The result for citizens has been incidents like the Flint water crisis, and PFAS. Now there is the “green ooze” in Madison Heights. Businesses have almost literally been getting away with murder. If not murder, then certainly sickening our residents. When these incidents occur, the news media says, “How did this happen?”
The people who work for these agencies on the front line want to do a good job and protect Michigan citizens, but they are being held back.
Reprinted from newsletter at the State of Michigan offices, in Detroit, Michigan.
Jan 20, 2020
For most of us, Social Security taxes are deducted from each of our pay checks, all year long. But in fact, Social Security taxes are only taken out of the first $137,700 of a person’s annual income. If you make more than that, you don’t have to pay Social Security on it.
And about 200 people in the U.S. reached that amount on the first DAY of 2020! Yes, while most of them were still nursing their New Year’s hangovers, these ultra-wealthy people had ALREADY raked in over $137,700 each.
Most of us who work and actually produce wealth won’t see half of that much—all year!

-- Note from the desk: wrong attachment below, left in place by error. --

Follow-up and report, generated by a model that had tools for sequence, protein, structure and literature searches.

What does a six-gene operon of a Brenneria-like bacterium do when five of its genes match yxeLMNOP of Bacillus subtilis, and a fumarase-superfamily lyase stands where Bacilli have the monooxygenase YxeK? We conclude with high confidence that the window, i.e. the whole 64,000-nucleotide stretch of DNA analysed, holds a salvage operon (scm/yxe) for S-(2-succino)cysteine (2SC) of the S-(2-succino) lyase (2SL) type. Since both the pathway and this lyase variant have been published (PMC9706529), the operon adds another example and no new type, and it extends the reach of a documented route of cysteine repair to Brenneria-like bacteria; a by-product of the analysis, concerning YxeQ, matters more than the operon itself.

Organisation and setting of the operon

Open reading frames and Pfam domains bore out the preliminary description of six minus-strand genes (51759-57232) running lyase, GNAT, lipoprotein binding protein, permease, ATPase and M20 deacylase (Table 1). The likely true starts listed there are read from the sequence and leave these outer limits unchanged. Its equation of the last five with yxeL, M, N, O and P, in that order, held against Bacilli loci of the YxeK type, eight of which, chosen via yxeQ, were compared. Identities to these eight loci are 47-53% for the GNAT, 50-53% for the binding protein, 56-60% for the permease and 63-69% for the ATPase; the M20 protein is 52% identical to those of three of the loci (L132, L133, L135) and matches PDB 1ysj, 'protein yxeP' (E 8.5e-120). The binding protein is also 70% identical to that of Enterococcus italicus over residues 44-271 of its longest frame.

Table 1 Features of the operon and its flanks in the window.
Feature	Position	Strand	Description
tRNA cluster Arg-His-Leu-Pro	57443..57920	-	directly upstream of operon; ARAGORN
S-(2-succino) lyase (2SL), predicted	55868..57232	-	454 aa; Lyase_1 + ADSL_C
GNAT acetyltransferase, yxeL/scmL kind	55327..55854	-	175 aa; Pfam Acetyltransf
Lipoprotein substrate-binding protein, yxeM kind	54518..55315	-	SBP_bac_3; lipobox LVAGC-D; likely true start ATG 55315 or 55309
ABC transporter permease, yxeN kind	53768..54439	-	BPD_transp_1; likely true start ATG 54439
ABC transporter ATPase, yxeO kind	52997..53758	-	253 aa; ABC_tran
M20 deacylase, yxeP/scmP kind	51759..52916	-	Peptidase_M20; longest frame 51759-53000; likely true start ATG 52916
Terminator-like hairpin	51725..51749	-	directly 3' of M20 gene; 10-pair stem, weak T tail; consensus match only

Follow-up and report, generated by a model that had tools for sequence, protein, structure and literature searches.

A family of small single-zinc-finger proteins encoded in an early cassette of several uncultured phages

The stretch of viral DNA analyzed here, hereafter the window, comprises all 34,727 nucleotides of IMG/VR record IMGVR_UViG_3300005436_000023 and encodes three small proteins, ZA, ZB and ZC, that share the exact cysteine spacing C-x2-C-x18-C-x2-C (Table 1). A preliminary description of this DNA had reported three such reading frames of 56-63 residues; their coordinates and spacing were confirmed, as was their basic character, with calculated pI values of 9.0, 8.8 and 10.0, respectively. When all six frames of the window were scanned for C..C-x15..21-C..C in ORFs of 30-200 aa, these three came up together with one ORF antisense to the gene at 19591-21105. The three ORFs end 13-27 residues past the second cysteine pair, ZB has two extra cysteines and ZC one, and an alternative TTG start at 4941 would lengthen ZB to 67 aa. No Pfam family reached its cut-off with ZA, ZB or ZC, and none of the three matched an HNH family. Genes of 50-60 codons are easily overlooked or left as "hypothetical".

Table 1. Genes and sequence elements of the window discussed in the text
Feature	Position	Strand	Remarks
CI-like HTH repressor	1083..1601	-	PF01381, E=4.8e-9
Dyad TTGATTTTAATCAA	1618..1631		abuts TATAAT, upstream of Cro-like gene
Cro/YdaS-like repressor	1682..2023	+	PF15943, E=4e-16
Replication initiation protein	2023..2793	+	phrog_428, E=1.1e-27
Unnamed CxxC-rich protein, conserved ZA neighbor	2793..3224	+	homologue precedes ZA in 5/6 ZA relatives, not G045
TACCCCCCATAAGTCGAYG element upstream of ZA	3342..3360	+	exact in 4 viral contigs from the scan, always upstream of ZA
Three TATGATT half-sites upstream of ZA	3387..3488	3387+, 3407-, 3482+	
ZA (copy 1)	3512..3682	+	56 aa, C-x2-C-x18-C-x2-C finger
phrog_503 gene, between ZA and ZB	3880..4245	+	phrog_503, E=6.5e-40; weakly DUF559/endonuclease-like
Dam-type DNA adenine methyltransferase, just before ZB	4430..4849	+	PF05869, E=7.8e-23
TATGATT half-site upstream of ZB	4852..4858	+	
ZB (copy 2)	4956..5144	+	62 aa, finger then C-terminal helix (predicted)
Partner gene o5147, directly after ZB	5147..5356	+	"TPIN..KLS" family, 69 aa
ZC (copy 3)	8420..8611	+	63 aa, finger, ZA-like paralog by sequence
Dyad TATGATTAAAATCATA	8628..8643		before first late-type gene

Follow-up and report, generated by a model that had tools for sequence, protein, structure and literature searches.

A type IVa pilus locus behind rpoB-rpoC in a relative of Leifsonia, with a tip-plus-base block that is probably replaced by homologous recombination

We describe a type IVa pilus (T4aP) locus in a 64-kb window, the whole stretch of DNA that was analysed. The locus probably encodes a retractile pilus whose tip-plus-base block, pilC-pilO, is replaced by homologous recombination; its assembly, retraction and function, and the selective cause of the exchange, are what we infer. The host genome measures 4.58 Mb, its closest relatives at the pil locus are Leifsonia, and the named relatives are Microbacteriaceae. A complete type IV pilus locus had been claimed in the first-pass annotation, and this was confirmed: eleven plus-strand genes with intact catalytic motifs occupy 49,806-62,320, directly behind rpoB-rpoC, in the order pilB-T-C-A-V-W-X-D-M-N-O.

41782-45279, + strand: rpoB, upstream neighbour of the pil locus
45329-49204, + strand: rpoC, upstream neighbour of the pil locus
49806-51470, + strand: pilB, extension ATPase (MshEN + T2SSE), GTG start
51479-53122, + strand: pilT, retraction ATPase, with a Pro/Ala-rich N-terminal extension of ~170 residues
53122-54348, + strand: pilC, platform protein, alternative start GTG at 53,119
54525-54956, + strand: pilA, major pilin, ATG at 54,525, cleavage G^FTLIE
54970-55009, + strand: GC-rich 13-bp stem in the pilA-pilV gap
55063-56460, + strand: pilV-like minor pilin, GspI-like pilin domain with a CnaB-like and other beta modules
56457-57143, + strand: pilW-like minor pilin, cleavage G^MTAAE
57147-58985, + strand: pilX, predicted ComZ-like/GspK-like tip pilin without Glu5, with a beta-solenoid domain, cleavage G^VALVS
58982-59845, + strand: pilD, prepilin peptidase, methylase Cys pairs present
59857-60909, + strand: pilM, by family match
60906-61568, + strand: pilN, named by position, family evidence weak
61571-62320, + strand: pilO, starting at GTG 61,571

Jan 20, 2020
The impeachment proceedings against President Trump have thrown a spotlight on U.S. military aid to Ukraine, which has been engulfed in a civil war with forces backed by Russia for the last five years. Both Democrats and Republicans claim that this war is meant to stop “Russian aggression.” But the war is being encouraged by U.S. imperialism. In its effort to expand its influence and reach into the heart of the former Soviet Union, the U.S. has been using Ukraine as a proxy, a pawn against Russia.
Ukraine was created after the former Soviet Union broke apart in 1991. Before that, Ukraine and Russia were part of the same country. And they had very deep ties. Russians and Ukrainians had a shared history that goes back centuries. This shared history includes the Russian Revolution of 1917, when the working class throughout that vast territory took power and built the first workers’ state. Their populations are also joined in millions of other ways, including through intermarriage. Their economies were also joined. Ukraine is rich in natural resources, including gas and coal. Its agriculture is so vast, it is often referred to as the bread basket of Europe. But all this functioned as a part of a whole economy that was tied to Russia.
When the former Soviet Union went to pieces in 1991, the middle classes of Ukraine had huge illusions that independence would open Ukraine up to what they saw as the prosperity and plenty of the West, especially of the U.S. But breaking the ties with the rest of the Soviet Union, especially Russia, led to disorganized production and to a sharp decline. This decline was made much worse by the plundering of the economy and the government by bureaucrats-turned-business people and oligarchs. On top of that, Ukraine was subject to the capitalist economic crises that hit the working population in the rest of Eastern Europe especially hard. Living standards for the vast majority of the population began to plunge.